It was suggested to me that service helps keep us sober, and I can say from my own personal experience that that is a fact. Aside from being a chairperson, some people might volunteer to make the coffee, be a door greeter, be in charge of the donations, or volunteer to help set up and clean up after the meeting.
Every meeting is a little different, but at the start of every meeting, a few different things will be read. Volunteers typically will get called on to read things such as The AA Preamble, How It Works, the 9th Step Promises, as well as the 12 traditions.
It might be that your first meeting happens to be a speaker meeting. At this sort of meeting, after the things are read at the beginning, someone who typically has a decent amount of sober time and most certainly someone who has worked the 12 steps with a sponsor will have volunteered to share their story with you and the rest of the alcoholics there with you at this particular meeting. You will often hear the phrase “experience, strength, and hope” when it comes to the content of what will be shared by the speaker.
Usually the speaker will start their story by sharing about what it was like during the depths of their alcoholism. If you are like me or any of the rest of us alcoholics, during this part of the story you will surely hear many things that you can relate to. When I went to my first speaker meeting, it was almost as if the speaker was telling my specific story. I think that this is true for most of us.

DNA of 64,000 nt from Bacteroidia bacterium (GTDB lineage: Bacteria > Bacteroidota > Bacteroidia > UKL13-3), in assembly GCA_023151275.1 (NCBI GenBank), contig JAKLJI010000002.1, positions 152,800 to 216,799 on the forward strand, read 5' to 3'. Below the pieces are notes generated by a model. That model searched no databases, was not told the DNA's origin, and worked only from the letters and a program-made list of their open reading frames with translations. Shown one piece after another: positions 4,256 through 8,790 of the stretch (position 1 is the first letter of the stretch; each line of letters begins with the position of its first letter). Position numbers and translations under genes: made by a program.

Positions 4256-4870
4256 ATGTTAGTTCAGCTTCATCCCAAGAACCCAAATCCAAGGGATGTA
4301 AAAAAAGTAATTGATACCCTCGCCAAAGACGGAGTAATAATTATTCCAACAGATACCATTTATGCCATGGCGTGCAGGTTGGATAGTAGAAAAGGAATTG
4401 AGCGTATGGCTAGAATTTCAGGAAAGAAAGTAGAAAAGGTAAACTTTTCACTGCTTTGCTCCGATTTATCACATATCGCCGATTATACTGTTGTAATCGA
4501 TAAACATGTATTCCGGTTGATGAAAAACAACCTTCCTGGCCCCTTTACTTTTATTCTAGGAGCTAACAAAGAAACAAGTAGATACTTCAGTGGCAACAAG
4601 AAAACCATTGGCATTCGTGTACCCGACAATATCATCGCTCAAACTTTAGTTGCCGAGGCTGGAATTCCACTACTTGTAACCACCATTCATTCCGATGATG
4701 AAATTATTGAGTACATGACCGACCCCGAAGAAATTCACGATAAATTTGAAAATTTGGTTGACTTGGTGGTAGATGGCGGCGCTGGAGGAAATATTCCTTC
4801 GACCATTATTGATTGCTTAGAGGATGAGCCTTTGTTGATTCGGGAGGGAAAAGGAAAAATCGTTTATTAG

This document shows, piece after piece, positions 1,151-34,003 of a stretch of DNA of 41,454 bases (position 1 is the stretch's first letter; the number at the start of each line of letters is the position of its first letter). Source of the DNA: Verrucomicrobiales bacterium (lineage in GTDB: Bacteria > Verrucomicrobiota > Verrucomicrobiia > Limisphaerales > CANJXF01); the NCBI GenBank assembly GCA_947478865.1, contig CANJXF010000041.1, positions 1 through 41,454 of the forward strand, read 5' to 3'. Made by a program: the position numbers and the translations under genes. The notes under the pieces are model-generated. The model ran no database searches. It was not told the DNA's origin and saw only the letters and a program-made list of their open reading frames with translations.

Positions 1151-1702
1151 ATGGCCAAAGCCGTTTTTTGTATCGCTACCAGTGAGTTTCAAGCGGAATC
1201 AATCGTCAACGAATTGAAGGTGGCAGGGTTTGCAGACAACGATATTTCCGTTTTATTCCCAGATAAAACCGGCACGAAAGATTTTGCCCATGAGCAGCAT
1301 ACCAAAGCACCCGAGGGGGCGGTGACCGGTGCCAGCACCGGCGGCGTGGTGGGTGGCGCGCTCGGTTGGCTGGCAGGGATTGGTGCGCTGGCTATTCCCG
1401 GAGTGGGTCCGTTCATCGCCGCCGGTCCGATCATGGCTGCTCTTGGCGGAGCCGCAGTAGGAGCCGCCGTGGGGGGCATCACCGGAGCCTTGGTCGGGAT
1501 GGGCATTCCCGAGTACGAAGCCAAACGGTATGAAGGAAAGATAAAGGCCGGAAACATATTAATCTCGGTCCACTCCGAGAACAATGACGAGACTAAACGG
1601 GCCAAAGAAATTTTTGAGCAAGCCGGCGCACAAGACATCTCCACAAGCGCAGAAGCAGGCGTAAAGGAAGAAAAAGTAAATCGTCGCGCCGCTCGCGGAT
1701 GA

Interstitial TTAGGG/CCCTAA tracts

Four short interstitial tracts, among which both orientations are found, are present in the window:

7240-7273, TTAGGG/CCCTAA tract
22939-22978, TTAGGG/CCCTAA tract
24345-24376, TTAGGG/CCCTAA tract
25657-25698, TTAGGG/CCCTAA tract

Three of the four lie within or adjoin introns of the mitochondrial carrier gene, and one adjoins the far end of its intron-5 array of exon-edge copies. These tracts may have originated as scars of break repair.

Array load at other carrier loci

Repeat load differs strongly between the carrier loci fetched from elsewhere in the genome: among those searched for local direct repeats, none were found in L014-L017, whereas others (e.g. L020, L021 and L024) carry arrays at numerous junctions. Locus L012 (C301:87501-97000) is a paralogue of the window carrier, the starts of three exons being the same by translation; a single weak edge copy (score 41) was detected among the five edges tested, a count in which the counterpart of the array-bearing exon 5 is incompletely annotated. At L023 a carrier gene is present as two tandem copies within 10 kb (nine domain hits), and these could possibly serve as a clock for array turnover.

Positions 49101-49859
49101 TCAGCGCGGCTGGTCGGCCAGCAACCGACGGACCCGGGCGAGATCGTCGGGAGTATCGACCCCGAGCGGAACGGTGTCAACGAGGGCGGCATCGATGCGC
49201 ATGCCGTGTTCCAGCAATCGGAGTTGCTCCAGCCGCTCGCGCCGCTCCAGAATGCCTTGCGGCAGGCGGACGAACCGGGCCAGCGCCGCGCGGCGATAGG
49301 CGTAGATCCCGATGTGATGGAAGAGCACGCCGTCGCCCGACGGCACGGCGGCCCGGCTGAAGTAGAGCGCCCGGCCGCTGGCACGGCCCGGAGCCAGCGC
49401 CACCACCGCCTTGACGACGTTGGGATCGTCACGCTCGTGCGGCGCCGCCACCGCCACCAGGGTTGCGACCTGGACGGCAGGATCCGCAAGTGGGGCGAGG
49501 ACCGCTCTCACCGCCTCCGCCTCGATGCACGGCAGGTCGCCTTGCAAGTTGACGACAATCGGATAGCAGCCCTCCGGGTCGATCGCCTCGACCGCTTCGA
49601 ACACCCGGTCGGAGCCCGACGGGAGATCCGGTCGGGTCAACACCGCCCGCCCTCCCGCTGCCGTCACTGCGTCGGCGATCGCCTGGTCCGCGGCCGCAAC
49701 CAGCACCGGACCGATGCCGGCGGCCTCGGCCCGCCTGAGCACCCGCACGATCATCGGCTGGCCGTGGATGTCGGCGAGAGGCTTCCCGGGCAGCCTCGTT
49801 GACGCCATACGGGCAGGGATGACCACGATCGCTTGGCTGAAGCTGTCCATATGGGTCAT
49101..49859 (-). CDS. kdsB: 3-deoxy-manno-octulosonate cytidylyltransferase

The speaker will tell about “what happened,” which typically means a specific even or type of rock bottom scenario that finally brought the person to their knees and made them willing to walk into an AA meeting and do whatever it was that was suggested.
The last part will be “what it’s like now”, which is what their life has been like since getting a sponsor and working the 12 steps, and you can definitely expect that at your first AA meeting.
If the meeting isn’t a speaker meeting, then usually what will happen is the chairperson will have brought in with them a particular topic that is read at the beginning of the meeting. People will either be called on or will volunteer to share their experience with the particular chosen topic. Usually each person will be given at least 3 to 5 minutes depending on the size of the meeting.
A timer will often be set for those of us that enjoy listening to ourselves talk. If you are called on and are new and do not feel like sharing, all you have to do is say “pass” and the chairperson will pick someone else. There is no shame or judgment towards anyone that doesn’t want to share so don’t feel bad if you happen to pass on an opportunity to share. Like I said at the beginning, you don’t have to do anything that you don’t want to do. All you need to have is simply a desire to not drink. That’s it.
At the end of the meeting, usually the chairperson will ask if there is anyone who is willing to be a sponsor, and if you are to please raise your hand. Sometimes chips for various lengths of sobriety are handed out at the end of the meeting or sometimes at the beginning. At the very end, the meeting will close with a prayer, usually the Lord’s Prayer or the Serenity Prayer. Once the prayer is said, then that’s really it.
Hopefully this has helped shine some light on what to expect at your first AA meeting, especially if you’re personally having a problem with alcoholism and have been contemplating attending the local AA meeting near you.
You can find several meetings happening just about every hour in nearly every city and town in the country. I hope that you can find peace and some willingness to maybe try something different and I wish you all the best on your recovery journey!